Task 2 – P3
and Function of Haemoglobin
This is haemoglobin at the simplest level, it is made up of
chains of amino acids, in which peptide bonds separating each amino acid. It
contains four polypeptide chains, two alpha (?) and two beta (?)s.
The two types of secondary structure found in proteins are
the alpha-helix (?) or the
sheet. The structures mentioned both include polypeptide chains, however,
in this instance they are able to construct different shapes, these are secured
by weak intermolecular forces which are called hydrogen bonds. Hydrogen bonds
can be found between the N-H and C=O groups, giving it a more stable structure.
This is the main bonding which is involved in upholding the
structure in each haemoglobin chain. The haem molecule is involved in the
bending of the haemoglobin, creating the 3D structure of the chain. Haemoglobin
is a globular protein, this means that ball-like structures are formed, where
the hydrophobic part is towards the centre and the hydrophilic part is towards
the edges, this means that they are water soluble.
These are proteins that numerous polypeptide chains and these
are held together by hydrogen, ionic and disulfide bonds. Haemoglobin has four
polypeptide chains, and all of these contain a haem group. Also, there is an
iron ion (Fe²?)
this is where the oxygen binds due to iron’s high affinity for oxygen.
Haemoglobin it located in the red blood cells in the circulatory system.
How The Protein is Able to Maintain
Hydrophobic Interaction – These weak bonds are
found inside of the 3D structure of haemoglobin, and they form between R
groups, and these groups only contain hydrogen and carbon. These interactions
are hydrophobic, meaning they repel water. These amino acids are not charged
due to the fact that they contain non-polar side chains.
Hydrophilic Interaction – These are found on the
outside of the 3D structure of haemoglobin. They are hydrophilic, this means that
they attract water. These amino acids are charged due to the fact that they contain
polar side chains.
Overall, this means that haemoglobin is soluble in water.
Disulfide Bridges – These are formed between two
sulfur atoms found on two opposite cysteine amino acids, when this happens,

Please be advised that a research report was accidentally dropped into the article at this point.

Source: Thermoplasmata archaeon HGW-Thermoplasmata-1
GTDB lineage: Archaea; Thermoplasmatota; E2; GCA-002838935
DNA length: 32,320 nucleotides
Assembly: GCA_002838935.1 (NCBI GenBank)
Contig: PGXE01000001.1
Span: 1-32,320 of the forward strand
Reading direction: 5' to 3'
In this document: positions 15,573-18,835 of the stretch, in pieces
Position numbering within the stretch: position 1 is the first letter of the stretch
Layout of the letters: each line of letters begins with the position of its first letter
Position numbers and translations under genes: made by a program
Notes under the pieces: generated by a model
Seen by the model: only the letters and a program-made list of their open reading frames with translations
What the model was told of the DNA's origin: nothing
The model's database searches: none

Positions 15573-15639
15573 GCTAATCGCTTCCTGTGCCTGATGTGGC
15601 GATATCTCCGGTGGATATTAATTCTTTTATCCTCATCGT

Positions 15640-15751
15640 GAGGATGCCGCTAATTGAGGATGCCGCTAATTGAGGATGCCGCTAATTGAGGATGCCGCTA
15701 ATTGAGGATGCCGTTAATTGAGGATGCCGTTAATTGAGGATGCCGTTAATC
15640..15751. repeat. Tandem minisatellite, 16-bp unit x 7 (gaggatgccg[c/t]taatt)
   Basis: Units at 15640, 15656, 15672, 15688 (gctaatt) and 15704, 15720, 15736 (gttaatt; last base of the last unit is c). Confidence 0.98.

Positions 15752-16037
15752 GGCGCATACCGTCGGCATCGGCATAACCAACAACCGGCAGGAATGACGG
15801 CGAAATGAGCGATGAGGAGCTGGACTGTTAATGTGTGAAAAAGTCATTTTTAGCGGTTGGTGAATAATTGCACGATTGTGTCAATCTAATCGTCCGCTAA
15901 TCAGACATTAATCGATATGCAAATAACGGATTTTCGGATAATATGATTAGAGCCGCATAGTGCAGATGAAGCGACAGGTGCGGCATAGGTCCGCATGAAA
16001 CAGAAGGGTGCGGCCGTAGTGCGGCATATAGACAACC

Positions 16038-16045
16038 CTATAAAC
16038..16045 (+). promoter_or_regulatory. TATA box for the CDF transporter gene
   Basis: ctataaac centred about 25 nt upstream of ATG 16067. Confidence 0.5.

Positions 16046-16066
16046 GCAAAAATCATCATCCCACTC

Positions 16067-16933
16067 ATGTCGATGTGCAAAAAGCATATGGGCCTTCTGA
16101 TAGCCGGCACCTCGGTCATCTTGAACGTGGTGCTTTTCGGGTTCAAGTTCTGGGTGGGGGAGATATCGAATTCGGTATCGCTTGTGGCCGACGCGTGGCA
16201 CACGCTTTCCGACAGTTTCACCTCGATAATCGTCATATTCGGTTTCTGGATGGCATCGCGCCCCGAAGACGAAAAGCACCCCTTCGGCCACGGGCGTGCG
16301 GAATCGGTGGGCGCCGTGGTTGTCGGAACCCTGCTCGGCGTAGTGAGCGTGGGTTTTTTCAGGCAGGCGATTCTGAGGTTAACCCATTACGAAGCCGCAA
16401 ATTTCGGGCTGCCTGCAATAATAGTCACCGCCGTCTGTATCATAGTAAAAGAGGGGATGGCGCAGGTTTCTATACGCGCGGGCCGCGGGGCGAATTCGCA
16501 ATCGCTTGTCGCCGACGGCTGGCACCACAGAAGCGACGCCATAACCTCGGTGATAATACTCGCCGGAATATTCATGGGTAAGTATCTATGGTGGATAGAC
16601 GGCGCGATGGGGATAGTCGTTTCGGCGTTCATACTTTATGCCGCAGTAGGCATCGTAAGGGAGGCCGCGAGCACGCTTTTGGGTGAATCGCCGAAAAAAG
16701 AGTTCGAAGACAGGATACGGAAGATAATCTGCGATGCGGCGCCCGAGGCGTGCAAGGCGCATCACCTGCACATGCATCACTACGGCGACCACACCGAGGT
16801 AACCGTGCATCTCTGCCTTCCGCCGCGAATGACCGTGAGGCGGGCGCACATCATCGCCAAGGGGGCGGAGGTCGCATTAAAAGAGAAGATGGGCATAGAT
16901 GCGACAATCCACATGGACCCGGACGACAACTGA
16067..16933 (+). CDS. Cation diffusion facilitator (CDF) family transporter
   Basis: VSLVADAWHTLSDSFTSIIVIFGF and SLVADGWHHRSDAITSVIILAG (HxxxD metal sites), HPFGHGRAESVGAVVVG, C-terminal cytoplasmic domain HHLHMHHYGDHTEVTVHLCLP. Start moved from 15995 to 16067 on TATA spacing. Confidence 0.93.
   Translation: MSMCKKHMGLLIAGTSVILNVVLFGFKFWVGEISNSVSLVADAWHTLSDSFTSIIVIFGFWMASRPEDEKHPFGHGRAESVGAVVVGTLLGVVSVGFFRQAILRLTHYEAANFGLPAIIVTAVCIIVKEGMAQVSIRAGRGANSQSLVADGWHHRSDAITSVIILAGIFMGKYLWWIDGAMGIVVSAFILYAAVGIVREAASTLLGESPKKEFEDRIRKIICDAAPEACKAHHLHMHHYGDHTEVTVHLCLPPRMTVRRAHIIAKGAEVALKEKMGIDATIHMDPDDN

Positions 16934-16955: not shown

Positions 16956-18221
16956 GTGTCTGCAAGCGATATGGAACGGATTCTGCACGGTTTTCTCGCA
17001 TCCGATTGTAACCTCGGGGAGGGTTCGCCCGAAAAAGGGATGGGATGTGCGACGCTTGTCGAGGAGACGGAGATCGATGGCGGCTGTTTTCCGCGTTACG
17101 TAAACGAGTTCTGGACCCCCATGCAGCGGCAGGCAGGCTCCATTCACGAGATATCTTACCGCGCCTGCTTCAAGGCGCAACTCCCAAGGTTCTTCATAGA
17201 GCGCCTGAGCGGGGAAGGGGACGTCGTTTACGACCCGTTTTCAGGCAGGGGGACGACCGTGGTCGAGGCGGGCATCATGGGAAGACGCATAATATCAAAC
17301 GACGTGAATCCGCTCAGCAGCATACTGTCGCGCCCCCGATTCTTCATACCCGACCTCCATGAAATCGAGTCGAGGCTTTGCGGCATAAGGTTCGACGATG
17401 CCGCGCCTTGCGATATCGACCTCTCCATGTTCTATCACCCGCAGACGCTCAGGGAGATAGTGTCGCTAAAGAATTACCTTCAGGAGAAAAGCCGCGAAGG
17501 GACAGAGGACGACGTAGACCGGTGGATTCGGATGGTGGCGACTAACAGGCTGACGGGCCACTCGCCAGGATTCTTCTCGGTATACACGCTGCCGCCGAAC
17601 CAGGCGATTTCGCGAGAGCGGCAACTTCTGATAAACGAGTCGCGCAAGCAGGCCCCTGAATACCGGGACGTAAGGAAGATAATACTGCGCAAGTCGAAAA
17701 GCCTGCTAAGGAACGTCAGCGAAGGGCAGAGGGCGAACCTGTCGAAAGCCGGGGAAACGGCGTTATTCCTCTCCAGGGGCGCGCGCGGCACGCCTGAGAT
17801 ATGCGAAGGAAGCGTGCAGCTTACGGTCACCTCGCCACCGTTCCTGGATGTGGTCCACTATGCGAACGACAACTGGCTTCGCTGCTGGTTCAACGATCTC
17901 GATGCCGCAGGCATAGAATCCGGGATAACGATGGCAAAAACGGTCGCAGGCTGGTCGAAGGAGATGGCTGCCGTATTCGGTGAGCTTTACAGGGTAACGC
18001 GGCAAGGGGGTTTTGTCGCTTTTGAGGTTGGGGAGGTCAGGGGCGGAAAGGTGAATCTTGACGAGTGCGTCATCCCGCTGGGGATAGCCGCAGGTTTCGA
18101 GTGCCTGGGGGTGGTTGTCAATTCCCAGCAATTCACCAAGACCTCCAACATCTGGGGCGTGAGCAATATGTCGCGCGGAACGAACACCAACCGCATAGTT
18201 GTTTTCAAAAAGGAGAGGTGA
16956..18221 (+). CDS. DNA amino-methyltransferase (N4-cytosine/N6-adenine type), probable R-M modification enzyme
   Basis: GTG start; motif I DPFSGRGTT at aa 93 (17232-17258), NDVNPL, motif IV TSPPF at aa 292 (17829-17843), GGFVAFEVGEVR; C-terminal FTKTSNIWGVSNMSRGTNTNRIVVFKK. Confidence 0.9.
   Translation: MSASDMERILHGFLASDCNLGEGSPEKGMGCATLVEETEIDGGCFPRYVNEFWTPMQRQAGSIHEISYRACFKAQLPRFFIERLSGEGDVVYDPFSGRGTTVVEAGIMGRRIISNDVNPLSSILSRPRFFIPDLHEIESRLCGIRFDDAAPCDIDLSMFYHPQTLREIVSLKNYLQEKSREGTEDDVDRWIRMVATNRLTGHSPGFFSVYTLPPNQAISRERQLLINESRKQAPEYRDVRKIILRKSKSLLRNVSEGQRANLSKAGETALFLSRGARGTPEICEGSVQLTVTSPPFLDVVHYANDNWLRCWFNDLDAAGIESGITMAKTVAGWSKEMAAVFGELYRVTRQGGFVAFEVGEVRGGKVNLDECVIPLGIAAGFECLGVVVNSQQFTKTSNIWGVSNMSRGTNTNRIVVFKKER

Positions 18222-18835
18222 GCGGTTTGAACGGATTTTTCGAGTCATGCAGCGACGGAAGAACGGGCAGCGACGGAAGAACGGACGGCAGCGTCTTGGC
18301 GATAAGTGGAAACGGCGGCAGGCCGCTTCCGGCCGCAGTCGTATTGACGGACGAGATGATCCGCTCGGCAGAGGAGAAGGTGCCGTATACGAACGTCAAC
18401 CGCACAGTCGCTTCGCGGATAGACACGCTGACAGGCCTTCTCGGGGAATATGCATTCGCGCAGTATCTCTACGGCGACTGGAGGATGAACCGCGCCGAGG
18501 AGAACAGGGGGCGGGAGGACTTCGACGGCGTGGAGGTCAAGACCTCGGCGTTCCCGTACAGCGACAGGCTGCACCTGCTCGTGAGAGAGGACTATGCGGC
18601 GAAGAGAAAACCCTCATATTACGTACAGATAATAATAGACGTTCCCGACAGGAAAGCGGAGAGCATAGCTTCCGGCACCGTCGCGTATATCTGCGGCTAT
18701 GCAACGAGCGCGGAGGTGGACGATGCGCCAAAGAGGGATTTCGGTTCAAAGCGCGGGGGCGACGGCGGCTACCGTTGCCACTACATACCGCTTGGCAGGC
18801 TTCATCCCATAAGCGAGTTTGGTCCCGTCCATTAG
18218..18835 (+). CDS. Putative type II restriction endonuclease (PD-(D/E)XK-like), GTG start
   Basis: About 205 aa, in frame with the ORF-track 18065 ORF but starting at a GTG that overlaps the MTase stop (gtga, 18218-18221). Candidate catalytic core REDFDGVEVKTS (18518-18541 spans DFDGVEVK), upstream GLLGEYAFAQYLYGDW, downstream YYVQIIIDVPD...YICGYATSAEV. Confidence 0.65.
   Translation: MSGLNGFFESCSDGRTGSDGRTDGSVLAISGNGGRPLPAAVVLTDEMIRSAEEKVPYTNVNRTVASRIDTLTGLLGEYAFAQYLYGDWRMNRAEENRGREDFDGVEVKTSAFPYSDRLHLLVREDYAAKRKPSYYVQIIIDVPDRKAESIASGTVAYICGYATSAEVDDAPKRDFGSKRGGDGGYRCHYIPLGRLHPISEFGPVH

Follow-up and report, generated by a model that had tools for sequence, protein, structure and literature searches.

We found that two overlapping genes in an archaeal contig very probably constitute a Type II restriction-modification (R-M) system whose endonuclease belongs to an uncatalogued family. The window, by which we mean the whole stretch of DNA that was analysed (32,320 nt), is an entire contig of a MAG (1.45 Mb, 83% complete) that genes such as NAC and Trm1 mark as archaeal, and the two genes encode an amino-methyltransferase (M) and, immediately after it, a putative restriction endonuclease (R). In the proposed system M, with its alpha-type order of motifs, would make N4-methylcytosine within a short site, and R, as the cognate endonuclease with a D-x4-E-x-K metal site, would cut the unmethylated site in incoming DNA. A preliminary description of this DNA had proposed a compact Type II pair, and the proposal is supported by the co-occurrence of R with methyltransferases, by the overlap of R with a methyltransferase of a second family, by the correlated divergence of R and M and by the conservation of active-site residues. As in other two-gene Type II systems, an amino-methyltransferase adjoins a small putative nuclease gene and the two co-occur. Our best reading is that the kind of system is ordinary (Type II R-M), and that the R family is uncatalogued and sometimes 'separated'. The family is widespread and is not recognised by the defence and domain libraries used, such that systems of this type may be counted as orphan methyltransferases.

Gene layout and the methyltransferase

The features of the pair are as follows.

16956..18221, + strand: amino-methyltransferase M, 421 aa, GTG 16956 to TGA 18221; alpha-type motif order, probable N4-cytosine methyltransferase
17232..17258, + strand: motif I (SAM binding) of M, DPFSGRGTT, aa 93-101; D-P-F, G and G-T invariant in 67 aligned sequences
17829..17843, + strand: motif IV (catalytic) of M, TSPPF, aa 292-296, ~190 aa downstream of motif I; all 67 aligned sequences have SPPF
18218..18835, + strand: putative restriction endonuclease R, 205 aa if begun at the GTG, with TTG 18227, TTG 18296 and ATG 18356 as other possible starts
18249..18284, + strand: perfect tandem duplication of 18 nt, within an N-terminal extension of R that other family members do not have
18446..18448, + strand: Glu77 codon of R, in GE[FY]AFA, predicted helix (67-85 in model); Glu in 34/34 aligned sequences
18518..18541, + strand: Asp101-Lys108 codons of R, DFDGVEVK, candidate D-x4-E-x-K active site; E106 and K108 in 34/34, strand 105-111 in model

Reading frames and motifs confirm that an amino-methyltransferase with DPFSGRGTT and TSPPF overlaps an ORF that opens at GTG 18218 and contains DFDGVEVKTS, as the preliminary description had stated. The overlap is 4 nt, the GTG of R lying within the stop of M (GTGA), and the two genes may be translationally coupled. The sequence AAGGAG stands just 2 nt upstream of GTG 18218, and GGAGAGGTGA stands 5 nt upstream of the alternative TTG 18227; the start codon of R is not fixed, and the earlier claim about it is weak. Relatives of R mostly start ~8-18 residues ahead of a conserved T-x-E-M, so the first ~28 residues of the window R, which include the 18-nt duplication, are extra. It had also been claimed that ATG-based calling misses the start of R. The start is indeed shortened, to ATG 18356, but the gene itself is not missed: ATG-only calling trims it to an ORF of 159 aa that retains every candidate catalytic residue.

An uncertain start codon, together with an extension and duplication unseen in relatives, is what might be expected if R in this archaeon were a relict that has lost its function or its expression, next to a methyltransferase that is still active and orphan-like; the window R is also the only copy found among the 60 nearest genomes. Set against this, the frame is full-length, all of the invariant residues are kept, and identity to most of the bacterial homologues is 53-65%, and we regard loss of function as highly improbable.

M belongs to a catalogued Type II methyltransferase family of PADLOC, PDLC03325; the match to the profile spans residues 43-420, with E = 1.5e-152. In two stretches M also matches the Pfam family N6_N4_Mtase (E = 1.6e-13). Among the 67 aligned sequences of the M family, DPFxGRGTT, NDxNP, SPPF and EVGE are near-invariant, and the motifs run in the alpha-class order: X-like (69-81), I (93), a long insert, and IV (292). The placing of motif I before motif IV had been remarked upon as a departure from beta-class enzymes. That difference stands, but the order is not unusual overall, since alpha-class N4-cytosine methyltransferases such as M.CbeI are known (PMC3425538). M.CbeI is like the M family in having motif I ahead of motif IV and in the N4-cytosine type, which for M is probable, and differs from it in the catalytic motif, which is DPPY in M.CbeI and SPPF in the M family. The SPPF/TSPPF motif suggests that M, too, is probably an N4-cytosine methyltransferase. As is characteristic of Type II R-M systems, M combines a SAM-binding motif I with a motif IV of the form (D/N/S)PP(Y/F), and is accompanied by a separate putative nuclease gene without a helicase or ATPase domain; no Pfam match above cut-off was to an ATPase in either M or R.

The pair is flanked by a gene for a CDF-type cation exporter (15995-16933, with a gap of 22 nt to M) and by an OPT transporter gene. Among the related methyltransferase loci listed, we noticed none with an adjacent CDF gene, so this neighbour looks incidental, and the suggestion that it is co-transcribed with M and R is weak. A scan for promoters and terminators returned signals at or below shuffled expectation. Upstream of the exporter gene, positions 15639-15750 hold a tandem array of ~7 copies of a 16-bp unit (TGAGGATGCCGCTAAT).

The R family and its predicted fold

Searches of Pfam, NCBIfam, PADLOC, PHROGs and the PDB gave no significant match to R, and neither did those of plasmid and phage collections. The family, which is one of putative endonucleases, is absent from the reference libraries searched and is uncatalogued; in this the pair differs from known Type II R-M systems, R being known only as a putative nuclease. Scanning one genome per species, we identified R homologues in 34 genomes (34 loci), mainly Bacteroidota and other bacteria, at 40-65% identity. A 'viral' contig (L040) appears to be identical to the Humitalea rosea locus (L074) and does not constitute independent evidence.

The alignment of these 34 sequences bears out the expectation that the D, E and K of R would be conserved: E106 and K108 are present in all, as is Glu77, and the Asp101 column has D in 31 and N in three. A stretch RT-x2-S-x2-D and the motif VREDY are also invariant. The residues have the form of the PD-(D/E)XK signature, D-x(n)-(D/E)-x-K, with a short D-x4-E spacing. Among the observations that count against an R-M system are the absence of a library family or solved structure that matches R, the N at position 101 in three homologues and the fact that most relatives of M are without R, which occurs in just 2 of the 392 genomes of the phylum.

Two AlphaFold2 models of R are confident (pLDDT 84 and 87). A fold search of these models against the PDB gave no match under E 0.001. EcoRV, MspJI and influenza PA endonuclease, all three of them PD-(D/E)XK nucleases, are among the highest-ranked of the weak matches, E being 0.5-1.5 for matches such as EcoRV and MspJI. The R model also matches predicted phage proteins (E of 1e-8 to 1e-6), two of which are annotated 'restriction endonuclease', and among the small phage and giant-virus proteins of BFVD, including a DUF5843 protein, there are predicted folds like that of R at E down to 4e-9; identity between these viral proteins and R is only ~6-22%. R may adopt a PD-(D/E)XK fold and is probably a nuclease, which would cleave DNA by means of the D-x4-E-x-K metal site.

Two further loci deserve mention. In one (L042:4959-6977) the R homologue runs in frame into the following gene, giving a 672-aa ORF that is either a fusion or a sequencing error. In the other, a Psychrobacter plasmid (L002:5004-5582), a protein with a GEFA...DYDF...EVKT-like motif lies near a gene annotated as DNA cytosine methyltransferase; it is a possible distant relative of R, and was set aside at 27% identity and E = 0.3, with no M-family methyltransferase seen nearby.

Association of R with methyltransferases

each one loses a H?.
These are exceptionally strong bonds and can only be broken by reducing agents,
not by things like pH temperature.
Hydrogen Bonds – These can form between an oxygen
or a nitrogen atom and a hydrogen atom which are found on different amino
acids. For this to occur, the oxygen or nitrogen needs to have a lone pair of
electrons in order to form a hydrogen bond. Then, the pair of electrons will be
shared by the nitrogen or the oxygen atom on one amino acid and the hydrogen
atom on the amino acid.
Ionic Bonds – These are formed between
oppositely charged variable (R) groups which contain a carboxylic acid (-COOH)
and an amine (-NH?) group. These
bonds are stonger than hydrogen bonds, however, they can be broken by a change
in temperature or pH.
Haemoglobin is located in the red blood cells, where it
carried oxygen through the respiratory system and around the rest of the body.
It is a globular protein which shows a quaternary structure, and it also
contains other structures such as haem groups and iron ions. This allows oxygen
to bind to it, and this is possible because the iron ion give haemoglobin a
high affinity for oxygen.
References: https://image.slidesharecdn.com/06-hbbyasif-161017032416/95/hemoglobin-structure-15-638.jpg?cb=1476674684 Date Accessed: 16/01/18
http://www.biotopics.co.uk/as/haemoglobinproteinstructure.html Date Accessed: 16/01/18
https://alevelnotes.com/Protein-Structure/61 Date Accessed: 16/01/18